A number of therapies have been reported in the treatment of Kasabach-Merritt phenomenon but none have been 100% effective.  Steroids are often used as a first line therapy with varying results.  If these lesions respond to steroids they do so in the first several weeks of therapy. Steroids have the advantage that they can be given by mouth but do have side effects which include delayed growth, cushingoid appearance, high blood pressure and increased risk of infection, to name a few.   Interferon has been used but its effectiveness also is limited.  Interferon needs to be given as an injection once a day and is associated with side effects such as flu-like symptoms (fever, chills) and neurological complications.  Antifibrinolytic agents (e-aminocaproic acid or tranexamic acid) have been used with mixed response as well as antiplatelet agents such as aspirin or dipyridamole. These drugs are used to improve the coagulopathy (bleeding tendency).  Chemotherapy agents such as cyclophosphamide, vincristine, and actinomycin have been used with variable improvement.  Vincrisitne  is an agent that has well know but limited side effects in young children.  It has to be given as an intravenous injection through a special intravenous catheter.  Its main complications are constipation and jaw pain but the drug can have some other neurotoxicity. It is given once a week until an improvement is seen and then the interval of administration is increased.  Recently the use of Sirolimus or “rapamycin” has been sued in the treatment of KHE lesions a study is being coordinated at Cincinnati Children’s Hospital and is currently enrolling patients.  Rapamycin is an agent with known anti-proliferative activity.  It has been shown to slow the progression of tumor cells.  The purpose of the study is to determine if rapamycin is a safe and effective agent in children and young adults for use in complicated vascular tumors like KHE, Tufted Angioma and Lymphatic Malformations.    (Rapamycin Study)  Other medical treatments that have been used are radiation therapy, which should be used as a last resort, compression therapy, and embolization therapy.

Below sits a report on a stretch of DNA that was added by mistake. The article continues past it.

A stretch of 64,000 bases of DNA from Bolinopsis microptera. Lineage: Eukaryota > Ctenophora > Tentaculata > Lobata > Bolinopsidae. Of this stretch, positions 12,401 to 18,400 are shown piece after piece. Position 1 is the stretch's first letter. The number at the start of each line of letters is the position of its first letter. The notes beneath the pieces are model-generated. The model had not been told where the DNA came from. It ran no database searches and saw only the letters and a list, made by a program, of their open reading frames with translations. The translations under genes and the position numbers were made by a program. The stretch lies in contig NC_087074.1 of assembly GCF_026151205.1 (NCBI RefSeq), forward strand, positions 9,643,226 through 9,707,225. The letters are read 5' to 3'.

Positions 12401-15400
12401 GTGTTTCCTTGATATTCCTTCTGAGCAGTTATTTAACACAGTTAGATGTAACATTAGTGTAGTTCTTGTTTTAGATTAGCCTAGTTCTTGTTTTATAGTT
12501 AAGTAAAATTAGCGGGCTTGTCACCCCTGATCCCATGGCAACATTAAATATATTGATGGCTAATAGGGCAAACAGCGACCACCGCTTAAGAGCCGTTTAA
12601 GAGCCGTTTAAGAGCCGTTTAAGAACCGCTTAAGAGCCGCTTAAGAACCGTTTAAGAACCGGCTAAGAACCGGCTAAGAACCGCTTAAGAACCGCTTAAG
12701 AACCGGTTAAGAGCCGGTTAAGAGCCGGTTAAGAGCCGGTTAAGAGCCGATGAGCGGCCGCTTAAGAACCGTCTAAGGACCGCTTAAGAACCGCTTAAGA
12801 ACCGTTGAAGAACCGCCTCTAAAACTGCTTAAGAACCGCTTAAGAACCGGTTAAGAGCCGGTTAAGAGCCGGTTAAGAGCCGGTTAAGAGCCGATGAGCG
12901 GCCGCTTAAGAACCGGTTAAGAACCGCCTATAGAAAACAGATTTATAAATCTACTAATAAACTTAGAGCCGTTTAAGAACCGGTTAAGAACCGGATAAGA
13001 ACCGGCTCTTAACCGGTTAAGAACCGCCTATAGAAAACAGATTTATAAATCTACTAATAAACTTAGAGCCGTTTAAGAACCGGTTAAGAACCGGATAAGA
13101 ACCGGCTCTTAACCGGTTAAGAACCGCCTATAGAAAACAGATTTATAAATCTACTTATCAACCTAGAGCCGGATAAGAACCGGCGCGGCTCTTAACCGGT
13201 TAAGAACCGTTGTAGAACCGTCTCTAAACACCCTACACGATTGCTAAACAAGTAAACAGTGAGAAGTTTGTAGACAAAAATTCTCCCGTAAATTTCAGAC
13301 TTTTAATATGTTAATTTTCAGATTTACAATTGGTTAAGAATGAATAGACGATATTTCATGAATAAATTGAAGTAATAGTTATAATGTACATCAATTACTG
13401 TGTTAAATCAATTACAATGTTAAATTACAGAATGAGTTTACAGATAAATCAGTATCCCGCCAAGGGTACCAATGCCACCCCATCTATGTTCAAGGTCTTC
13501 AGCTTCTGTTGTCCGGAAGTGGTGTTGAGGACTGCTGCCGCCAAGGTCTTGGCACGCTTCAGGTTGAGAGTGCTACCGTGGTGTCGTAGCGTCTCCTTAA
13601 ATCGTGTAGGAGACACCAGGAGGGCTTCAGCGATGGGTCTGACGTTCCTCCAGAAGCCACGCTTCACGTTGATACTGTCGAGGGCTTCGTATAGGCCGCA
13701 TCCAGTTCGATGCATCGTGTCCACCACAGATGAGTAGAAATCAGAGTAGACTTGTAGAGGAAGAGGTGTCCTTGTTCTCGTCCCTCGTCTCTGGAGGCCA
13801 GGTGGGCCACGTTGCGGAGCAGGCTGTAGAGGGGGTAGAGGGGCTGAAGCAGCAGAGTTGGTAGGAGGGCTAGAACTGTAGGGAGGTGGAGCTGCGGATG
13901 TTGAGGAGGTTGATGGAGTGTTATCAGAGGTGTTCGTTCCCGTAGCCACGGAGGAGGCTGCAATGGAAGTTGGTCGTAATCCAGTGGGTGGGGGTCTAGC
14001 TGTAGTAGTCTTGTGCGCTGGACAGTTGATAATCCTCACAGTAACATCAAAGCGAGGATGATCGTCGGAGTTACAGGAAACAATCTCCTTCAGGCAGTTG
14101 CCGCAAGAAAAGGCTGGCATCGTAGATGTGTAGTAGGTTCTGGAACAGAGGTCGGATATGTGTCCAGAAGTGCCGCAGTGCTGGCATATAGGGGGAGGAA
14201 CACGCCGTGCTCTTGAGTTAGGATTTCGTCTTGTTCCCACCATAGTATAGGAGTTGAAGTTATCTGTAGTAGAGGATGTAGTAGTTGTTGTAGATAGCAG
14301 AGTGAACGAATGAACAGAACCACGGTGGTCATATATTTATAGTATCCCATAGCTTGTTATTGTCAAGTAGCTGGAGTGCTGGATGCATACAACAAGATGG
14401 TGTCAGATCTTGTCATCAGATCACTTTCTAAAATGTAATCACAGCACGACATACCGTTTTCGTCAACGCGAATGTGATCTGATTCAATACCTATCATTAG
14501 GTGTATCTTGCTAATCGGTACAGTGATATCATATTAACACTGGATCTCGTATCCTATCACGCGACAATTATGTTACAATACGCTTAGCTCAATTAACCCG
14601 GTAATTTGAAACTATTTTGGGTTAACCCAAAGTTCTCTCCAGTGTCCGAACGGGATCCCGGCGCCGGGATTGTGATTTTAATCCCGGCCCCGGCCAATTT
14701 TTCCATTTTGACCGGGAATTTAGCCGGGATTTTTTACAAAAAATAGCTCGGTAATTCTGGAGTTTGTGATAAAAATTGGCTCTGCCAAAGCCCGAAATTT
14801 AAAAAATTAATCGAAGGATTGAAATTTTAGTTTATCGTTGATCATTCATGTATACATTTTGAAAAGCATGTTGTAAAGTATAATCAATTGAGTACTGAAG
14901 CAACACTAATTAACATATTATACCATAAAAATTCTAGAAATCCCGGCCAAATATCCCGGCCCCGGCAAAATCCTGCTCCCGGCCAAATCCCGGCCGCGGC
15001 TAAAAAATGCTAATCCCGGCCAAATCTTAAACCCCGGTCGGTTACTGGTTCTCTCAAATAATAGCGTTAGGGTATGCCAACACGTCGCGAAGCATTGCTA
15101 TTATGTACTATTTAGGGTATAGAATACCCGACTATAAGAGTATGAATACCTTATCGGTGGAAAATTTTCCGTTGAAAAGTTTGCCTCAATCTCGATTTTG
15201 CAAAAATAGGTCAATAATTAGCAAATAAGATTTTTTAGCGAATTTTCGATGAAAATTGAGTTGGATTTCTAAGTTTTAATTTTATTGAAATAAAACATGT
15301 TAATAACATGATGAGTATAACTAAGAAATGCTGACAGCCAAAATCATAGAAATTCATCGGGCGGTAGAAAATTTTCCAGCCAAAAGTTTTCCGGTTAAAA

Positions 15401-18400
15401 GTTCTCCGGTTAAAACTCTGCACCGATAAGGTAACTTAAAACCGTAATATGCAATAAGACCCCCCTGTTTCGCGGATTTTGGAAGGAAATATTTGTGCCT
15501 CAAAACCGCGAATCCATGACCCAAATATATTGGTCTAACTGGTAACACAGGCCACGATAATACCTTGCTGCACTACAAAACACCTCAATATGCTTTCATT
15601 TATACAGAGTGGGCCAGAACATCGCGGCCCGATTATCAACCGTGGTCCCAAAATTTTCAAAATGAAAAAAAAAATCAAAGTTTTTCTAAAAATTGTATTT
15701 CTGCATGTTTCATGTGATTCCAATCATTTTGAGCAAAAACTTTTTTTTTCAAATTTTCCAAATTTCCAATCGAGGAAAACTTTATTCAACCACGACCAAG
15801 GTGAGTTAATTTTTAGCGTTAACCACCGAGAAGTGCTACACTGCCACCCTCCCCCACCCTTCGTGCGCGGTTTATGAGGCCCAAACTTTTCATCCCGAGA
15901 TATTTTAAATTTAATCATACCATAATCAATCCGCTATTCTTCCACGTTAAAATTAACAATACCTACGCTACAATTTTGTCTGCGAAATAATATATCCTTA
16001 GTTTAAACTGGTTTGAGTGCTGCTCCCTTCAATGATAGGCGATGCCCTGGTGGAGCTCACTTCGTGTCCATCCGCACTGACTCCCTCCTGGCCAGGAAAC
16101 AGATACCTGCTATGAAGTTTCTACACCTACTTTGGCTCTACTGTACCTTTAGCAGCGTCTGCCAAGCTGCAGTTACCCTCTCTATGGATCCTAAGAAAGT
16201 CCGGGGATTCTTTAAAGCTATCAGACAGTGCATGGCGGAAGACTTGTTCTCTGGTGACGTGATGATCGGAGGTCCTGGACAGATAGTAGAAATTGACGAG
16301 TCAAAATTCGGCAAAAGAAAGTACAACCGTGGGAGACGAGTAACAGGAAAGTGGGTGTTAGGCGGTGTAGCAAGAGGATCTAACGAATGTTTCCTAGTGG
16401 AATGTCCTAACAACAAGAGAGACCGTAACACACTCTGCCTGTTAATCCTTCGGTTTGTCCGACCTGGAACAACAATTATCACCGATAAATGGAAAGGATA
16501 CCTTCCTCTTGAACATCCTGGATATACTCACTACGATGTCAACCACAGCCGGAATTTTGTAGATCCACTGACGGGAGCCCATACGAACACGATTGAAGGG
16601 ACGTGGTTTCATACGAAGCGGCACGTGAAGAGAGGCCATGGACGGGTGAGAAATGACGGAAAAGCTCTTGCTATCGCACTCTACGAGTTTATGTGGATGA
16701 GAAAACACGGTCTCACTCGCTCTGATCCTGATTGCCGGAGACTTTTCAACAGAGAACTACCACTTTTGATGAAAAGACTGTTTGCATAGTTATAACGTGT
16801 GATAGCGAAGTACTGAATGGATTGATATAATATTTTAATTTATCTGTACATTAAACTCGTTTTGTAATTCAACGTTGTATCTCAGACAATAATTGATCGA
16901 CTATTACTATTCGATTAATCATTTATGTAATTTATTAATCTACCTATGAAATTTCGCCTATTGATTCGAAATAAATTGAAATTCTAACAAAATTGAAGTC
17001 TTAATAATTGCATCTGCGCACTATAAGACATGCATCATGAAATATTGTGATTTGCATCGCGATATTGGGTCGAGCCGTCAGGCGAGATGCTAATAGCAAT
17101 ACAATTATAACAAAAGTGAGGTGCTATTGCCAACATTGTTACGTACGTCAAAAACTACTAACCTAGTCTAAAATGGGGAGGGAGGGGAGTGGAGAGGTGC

10_2004Care by an experienced group of physicians is of vital importance.  A pediatric hematologist/oncologist is also vital in the care of these patients.  Not only is this physician important in the management of the drug therapy but also the physician is important in the management of the bleeding tendency of Kasabach-Merritt phenomenon.  At times the administration of blood products such as platelets and red blood cells can make these tumors grow in size because of the release of certain factors.

Recently there has been a report of residual lesions (lesions that are still present) after Kasabach-Merritt phenomenon.  Clinical data on 41 patients was reviewed as part of an international cooperative study.  The findings revealed residual tumors not “scars” being very common in these lesions after the resolution of thrombocytopenia and coagulopathy.  Usually these residual lesions do not cause any problems but there have been reports of a second episode of Kasabach-Merritt phenomenon shortly after it had appeared to resolve.

These are very complex lesions that although benign(not cancer, they do not spread to distant areas) can cause mortality and great morbidity with some limited response to therapy.  Presently the standard of therapy is to start with steroid therapy and if there is no response to proceed to therapy with chemotherapy drugs such as vincristine  or rapamycin.  Research is continuing in the treatment of these lesions.  It is vital that these lesions are treated by experiences care-givers.

This article was written by Denise Adams, MD Cincinnati Children’s Hospital, Department of Hematology/Oncology and the Director of the Hemangioma and Vascular Malformation Center.  Dr. Adams is the Medical Director of NOVA.